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How to Steal a Mac, How to Steal iPhone Data
Who's dumb here?
This article isn't an admonition to steal. It's an admonition to look at the snake oil people are trying to sell you.
How Not to Steal
A goofy thief will snatch a Mac, open it, play with it - and might very well get roasted. That's the goofy thief. Thieves worth their salt won't do that.
The goofy thief lets himself get roasted by dumb apps like Orbicule's Undercover. And there's no reason for that.
How to Steal a Mac
√ Physically disconnect the Internet. Make sure your stolen Mac can't come into contact with a router or hotspot. You might need to get into single user mode to fix this.
√ Have a set of install discs at the ready. You don't go booting a Mac you just stole, just like that. Duh. What you want is the computer hardware - not some idiot's holiday pics or personal porn stash. You're in the business of selling the Macs, not using them. You're a businessman.
√ Maybe boot into single user mode first. Take a look around the hard drive. You might find stupid things like Orbicule's Undercover. Check for /usr/bin/uc/uc - if you find it, remove it. (You've just disabled their entire protection scheme.) Look in the 'LaunchDaemons' directories and remove any vestiges of 'protection' software. (You'll know them all if you're a pro.) Even if you plan on wiping and reinstalling the OS (which you should) you can at least get some good lulz.
[Older versions of Undercover use the path '/private/etc/uc.app/Contents/MacOS/uc'.]
√ Look around for other signs of Undercover. Use 'find' to locate and remove things with 'com.orbicule' in their names (often anchored to the left). Things like connected.plist, com.orbicule.uc.hijack, com.orbicule.uc.failure, and junk the app leaves in /Users/Shared. Search and remove 'Eyesighter.app'. And so forth. (Pros already know this. That's why they're pros.)
√ Insert the appropriate install disc for the OS version you want, hold down C, start the machine. Do a wipe and install. Do a complete hard drive shred first for safety's sake. Take the roughest shred available. (Probably Gutmann.) This takes time - Apple's algorithm is a bit klutzy - but it's worth it. Not much chance then of anybody tracing you.
[You should do this anyway and skip the above step. That was just to show you how easy it is to defeat dumb 'anti-hijack' applications.]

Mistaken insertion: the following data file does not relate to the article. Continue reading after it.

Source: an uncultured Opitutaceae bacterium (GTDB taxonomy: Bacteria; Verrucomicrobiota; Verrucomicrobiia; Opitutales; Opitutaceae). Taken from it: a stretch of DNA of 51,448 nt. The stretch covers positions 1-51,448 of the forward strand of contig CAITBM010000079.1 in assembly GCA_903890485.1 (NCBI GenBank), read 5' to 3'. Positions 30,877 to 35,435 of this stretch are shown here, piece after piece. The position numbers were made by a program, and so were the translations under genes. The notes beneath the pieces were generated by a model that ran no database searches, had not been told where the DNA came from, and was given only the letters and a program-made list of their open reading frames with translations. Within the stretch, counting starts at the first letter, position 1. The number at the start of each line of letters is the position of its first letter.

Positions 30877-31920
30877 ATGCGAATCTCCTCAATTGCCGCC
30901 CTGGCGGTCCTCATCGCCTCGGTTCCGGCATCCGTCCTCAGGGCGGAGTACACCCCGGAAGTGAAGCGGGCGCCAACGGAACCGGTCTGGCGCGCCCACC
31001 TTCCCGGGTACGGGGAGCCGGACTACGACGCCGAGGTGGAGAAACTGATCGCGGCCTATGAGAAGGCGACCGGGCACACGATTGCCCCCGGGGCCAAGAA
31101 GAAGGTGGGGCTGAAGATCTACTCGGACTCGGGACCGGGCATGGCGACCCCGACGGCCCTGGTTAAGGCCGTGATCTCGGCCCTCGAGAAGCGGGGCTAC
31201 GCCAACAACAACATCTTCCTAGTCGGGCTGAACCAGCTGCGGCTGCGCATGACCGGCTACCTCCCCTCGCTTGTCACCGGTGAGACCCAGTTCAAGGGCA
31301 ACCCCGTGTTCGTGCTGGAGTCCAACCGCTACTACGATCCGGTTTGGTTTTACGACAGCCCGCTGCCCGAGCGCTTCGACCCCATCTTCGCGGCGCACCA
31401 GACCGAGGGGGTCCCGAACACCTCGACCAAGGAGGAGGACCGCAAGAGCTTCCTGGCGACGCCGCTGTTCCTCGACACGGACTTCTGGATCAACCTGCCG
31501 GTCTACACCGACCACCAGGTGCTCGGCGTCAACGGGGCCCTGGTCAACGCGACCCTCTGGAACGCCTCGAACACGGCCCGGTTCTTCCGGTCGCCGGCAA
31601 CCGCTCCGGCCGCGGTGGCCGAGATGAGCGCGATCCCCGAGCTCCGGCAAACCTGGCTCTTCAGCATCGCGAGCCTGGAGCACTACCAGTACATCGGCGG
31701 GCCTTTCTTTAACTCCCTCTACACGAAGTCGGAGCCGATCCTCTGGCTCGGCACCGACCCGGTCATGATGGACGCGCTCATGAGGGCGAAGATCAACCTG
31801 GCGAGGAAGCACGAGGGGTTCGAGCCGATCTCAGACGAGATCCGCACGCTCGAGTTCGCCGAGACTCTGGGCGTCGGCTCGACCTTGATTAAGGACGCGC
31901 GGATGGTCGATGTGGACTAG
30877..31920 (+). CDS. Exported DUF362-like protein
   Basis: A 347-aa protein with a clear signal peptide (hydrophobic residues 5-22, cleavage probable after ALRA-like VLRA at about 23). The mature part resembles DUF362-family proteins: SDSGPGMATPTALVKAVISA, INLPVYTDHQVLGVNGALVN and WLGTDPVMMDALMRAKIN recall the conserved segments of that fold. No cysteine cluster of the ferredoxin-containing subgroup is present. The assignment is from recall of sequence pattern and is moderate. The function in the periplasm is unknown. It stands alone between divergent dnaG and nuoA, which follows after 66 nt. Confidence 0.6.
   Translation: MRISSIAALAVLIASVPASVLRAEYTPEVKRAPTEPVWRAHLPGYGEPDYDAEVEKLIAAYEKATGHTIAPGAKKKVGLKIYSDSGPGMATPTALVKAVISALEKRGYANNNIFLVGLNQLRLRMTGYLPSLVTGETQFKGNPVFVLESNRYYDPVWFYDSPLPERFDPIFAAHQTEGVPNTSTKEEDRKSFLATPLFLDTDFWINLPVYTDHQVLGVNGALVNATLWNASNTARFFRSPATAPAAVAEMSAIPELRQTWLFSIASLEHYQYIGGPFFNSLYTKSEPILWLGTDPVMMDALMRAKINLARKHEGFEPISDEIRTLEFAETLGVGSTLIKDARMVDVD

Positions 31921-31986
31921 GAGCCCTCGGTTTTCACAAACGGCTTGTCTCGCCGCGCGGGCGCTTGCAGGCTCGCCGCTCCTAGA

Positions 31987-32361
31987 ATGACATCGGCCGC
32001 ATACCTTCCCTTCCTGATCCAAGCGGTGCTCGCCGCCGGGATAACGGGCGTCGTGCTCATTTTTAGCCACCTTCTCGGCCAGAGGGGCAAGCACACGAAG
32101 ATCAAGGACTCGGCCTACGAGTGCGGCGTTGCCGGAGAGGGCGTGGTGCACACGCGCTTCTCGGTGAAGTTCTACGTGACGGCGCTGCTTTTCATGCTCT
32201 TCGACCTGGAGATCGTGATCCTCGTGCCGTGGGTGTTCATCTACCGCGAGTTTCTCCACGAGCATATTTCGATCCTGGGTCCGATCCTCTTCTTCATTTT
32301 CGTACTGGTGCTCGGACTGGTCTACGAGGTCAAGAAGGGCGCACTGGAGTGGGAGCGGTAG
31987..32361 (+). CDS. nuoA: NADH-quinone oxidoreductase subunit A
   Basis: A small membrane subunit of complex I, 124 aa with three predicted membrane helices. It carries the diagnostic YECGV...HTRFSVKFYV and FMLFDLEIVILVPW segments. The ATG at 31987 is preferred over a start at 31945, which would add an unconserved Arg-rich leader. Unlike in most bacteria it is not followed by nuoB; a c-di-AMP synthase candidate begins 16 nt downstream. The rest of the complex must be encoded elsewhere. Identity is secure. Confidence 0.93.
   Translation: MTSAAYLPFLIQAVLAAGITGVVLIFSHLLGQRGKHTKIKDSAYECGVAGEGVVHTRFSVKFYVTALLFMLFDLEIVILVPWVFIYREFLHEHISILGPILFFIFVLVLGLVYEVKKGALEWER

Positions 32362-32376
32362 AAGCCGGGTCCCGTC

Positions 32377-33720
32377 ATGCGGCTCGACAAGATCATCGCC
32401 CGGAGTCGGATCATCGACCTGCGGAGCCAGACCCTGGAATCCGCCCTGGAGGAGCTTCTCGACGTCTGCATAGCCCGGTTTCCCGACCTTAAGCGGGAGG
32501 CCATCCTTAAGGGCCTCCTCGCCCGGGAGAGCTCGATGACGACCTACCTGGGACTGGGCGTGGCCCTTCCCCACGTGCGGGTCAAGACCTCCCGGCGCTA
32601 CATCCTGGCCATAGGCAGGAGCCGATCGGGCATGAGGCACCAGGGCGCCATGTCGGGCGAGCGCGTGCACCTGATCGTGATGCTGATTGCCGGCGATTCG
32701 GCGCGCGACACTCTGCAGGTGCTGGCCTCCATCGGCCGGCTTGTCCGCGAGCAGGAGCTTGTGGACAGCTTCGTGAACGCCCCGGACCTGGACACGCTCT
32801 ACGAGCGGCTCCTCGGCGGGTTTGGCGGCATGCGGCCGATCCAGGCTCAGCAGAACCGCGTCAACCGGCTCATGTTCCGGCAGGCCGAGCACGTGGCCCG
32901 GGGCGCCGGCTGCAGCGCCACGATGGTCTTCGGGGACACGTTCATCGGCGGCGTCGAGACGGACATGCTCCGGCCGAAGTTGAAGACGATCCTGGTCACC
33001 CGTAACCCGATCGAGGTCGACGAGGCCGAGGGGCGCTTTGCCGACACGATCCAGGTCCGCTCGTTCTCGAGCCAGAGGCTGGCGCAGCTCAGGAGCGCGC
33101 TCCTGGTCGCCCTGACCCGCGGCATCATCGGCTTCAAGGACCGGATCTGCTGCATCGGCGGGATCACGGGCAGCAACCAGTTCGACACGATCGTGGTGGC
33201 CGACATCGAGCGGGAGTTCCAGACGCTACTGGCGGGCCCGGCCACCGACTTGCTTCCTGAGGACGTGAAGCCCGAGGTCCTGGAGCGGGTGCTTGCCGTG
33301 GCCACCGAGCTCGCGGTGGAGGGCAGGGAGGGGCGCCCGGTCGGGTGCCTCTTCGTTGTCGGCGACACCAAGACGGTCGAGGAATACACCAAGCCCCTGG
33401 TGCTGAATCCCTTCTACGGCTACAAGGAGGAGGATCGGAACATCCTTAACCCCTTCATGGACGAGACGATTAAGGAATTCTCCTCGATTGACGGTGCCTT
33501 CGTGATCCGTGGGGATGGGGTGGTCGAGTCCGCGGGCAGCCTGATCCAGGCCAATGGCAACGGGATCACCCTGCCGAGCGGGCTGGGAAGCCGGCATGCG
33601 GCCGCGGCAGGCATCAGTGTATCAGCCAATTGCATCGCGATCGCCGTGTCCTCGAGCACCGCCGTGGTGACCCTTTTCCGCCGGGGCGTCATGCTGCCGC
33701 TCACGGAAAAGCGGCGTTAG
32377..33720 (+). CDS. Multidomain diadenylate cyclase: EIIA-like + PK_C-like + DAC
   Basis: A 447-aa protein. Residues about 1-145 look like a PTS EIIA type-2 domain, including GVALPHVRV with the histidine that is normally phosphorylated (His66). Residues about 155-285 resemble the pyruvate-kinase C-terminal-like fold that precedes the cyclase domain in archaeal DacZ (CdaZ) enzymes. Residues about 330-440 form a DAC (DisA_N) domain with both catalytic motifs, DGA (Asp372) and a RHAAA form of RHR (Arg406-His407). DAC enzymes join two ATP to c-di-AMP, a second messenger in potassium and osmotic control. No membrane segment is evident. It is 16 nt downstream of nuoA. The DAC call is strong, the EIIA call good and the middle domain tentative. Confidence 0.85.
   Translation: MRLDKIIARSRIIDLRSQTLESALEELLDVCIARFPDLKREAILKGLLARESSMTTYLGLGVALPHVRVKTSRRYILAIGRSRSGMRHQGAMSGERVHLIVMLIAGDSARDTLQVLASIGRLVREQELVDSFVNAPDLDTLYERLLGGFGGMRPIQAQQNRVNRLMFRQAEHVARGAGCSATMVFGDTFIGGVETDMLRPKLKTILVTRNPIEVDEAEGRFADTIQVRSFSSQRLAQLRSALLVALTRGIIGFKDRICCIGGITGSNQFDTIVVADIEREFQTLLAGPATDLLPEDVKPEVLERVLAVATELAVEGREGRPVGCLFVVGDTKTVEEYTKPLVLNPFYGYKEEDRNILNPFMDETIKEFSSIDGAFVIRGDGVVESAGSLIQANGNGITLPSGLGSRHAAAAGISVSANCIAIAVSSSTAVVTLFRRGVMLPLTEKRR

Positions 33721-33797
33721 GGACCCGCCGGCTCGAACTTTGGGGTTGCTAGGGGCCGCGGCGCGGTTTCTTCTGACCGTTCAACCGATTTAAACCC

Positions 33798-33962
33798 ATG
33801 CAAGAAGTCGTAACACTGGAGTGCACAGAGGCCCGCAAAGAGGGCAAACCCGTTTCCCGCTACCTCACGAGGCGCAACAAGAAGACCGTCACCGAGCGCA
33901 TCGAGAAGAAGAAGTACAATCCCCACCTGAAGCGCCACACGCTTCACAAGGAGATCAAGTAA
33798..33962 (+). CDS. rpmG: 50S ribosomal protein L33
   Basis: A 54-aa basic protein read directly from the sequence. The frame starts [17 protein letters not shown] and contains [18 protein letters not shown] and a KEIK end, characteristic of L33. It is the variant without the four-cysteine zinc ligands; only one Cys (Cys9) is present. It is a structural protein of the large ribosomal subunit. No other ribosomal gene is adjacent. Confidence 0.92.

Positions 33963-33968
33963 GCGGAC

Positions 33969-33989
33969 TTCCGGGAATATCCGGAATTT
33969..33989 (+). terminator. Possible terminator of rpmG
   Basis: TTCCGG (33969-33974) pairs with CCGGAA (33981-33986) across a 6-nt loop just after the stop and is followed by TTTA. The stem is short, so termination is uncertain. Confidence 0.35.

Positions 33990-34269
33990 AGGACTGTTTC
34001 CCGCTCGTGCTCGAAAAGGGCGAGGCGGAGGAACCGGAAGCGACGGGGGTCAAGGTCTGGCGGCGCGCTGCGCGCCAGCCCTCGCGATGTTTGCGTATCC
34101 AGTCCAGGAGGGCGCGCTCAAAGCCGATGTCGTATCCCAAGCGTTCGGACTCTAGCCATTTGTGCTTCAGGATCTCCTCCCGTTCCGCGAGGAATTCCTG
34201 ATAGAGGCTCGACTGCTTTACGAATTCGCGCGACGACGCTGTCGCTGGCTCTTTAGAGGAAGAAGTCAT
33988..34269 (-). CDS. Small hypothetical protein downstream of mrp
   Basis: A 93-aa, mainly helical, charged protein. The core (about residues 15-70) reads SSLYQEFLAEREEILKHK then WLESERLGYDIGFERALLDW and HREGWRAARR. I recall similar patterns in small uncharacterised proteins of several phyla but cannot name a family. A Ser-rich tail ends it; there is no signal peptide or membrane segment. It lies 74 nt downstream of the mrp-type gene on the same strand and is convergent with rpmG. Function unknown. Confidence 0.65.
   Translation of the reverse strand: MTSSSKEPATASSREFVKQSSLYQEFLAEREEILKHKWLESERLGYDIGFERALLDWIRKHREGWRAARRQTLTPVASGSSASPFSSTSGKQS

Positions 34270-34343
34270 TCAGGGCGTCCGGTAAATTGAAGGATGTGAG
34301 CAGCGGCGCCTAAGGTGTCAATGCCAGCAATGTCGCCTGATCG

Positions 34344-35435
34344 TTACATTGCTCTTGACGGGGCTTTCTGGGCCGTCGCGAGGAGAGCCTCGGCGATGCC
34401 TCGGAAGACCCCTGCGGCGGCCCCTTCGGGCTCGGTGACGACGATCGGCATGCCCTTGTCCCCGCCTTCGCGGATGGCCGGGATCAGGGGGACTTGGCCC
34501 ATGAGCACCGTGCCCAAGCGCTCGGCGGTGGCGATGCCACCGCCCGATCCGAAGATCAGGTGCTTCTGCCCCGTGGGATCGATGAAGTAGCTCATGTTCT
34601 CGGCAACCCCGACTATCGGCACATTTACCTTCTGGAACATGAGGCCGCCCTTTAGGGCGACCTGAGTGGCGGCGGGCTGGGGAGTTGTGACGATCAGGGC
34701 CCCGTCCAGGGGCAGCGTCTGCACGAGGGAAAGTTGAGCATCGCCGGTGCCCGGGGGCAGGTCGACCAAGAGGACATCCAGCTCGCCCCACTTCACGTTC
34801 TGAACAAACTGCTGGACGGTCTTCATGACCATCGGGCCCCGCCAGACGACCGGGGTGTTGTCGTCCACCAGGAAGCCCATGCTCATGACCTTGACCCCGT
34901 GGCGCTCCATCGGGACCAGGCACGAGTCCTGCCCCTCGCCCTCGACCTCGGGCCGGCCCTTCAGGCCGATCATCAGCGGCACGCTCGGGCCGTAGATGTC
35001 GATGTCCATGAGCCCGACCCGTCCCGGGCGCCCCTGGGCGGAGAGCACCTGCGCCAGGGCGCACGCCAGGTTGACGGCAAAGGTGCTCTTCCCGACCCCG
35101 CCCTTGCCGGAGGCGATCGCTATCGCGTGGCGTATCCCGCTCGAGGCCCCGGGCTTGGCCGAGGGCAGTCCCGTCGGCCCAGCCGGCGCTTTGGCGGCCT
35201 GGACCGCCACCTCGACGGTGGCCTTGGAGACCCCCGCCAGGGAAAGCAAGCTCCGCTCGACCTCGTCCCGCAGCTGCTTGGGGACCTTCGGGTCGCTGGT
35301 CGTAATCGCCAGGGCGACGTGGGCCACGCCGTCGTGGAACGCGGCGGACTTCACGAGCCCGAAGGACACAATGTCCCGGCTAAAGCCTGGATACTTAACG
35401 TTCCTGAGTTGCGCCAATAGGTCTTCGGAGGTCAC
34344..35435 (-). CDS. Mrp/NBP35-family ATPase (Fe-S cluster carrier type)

How to Steal iPhone Data
Maybe you stole an iPhone with one of those silly apps that 'hides' data on a Unix system? Such as iDiscrete? No problem.
From the blurb at a Mac site:
The icon and stated name of the application are unassuming: the name shows simply as 'iD' under a plain blue orb of an icon. Launching the app is equally mundane, as a 'Loading...' screen quickly comes up. But, importantly, this is the screen that makes all the difference. If the user is the iPhone's owner, then they know that this is actually the password screen, and that touching various regions of the screen, in the correct order, will open up the app. The developers call this Touch Sequence Protection(TM). On the other hand, if the user is a curious trespasser, they will regard the 'Loading...' screen as just part of the app, which, when it eventually loads, appears to be some sort of text-entry app. Boring. Close.
It is exactly this reaction in an unauthorized user that iDiscrete intends to provoke, and it is exactly this factor that sets it apart from the competition.
Preschool security. And every thief will know about it anyway. So it's no challenge at all.
You can't hide data on a Unix box. Even an iPhone. You can encrypt it and you can protect it. But trying to 'fool' people into not knowing it's even there is just dumb. It's 'security through obscurity' and there's nothing more stupid in computer security.
Don't go out stealing Macs and iPhones. Crime only pays in the short run (if that). But don't go spending money to 'protect' your Mac or iPhone either. You're wasting your money. The professional thieves are only laughing at you.
The software is terribly designed, if it was designed at all.
- Teenage Mutant Ninja Hero Coders